But that, too, didn’t pan out.
“We gave it a shot and really worked hard, but in the end, we just couldn’t make it,” Lane said. “Finally, it just became clear that it wasn’t for lack of ministry and a lack of good worship and a lack of all the things you want, it was just a lack of funds, and there wasn’t enough people power there to generate the funds.” And, he said, “The diocese didn’t feel it had the major dollars to put into keeping the cathedral afloat.”
“There was no choice” but to close, he said. “As you can well imagine, it was a time of sorrow.”
In the cathedral’s last months, it held a celebration called “30 and Over” marking the longevity of some parishioners’ time there. When Lane polled those attending on how long they had been at the cathedral, “we had folks who had been there 70 years.”
“For all of them,” he said, the cathedral’s closing “was heart-wrenching.”
“Part of my task, my ministry, was to help folks live through it, not to be in denial about the grief … and to recognize that there’s not only death but resurrection, and we find resurrection sometimes in different places.
“I will never be able to say too strongly how much I admire the people of St. John’s, how they lived through that grieving, but on the whole not letting that grief control their lives and their spiritual lives,” he said. “They could have let bitterness really take hold and control them, and they didn’t.”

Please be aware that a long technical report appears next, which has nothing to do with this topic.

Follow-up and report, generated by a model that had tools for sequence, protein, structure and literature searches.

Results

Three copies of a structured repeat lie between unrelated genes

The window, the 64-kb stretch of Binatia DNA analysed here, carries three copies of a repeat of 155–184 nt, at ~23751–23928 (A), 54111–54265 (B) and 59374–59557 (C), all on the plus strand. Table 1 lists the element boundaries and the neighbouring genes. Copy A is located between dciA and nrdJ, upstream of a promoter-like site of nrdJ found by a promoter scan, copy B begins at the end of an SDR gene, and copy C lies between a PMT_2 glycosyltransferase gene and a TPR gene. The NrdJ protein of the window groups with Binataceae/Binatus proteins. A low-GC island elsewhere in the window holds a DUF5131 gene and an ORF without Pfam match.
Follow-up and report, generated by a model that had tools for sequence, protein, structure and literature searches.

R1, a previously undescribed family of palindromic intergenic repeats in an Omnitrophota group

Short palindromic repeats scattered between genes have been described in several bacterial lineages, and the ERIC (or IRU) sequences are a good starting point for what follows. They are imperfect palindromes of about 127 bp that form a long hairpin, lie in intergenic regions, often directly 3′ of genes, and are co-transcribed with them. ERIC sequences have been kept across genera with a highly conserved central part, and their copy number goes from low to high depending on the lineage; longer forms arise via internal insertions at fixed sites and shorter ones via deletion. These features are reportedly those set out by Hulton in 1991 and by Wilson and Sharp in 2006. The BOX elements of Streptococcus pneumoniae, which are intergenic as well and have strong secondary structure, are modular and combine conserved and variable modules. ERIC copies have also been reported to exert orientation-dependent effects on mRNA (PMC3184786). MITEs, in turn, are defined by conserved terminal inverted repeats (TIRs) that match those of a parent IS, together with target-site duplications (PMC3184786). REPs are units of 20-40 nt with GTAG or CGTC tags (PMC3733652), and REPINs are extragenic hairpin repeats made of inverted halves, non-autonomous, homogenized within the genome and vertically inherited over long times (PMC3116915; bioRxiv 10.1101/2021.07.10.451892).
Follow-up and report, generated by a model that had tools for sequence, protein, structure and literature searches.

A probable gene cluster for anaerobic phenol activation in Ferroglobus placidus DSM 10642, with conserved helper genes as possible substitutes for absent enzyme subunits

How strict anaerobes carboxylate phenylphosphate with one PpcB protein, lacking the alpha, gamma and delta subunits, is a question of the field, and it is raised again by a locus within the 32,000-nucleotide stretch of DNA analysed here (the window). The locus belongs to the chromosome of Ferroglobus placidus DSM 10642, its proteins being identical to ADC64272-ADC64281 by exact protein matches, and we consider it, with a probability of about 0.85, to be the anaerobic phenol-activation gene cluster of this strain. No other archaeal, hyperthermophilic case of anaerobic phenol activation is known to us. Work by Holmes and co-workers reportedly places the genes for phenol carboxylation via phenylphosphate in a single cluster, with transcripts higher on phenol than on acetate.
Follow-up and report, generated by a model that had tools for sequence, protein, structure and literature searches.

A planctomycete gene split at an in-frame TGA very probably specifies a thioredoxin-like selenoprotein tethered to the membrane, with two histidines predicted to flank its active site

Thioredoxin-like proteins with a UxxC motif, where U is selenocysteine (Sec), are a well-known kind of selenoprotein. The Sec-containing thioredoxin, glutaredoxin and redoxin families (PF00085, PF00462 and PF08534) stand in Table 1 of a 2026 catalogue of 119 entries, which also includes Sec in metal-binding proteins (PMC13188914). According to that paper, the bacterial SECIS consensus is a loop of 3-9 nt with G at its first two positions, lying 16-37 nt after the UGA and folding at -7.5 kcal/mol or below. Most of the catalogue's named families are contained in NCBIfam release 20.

Some cathedral members began worshiping at the Church of Saints Andrew and Matthew in Wilmington, where he now is an associate priest. “That’s one of the reasons I came over here, to be with them through a time of transition. Some of them went other places, to other parishes.”
The choir school relocated to Andrew and Matthew and is “still alive and well,” he said.
Offering exemplary programs such as that is part of a cathedral’s role, he said. “I think the cathedral should exercise ministries that set an example and provide a teaching for parishes.”
“On the other hand, it depends on the resources available to the cathedral,” he added, noting that in the Diocese of Delaware “parishes had far more resources in people and finances and clergy staff.”
“In my mind, it doesn’t necessarily mean that because it’s a cathedral church it’s going to always be the prime example of urban ministry or teaching ministry or education, but that is certainly a function that it should strive to,” he said. And whatever it does, it should do everything possible to ensure that “whatever it does, do it very well.”
“A cathedral dean,” he added, “needs to have his or her eye or hand on the pulse of the community.” And the dean must be willing to allow things to take place in a cathedral that a parish might not want, he said. “You need to provide opportunities for controversy to be expressed.”
In Bethlehem, for example, they brought Palestinian and Israeli Jewish activists to preach and teach about issues of Israel and Palestine.
“With a cathedral church, the dean also has to have a pastoral sense,” he said, concluding, “I’m not so sure that a dean is any different than a parish rector. But you definitely have to be open to the ministry of hospitality to the diocese and the ministry of prophetic ministry to the community.”
— Sharon Sheridan is an ENS correspondent.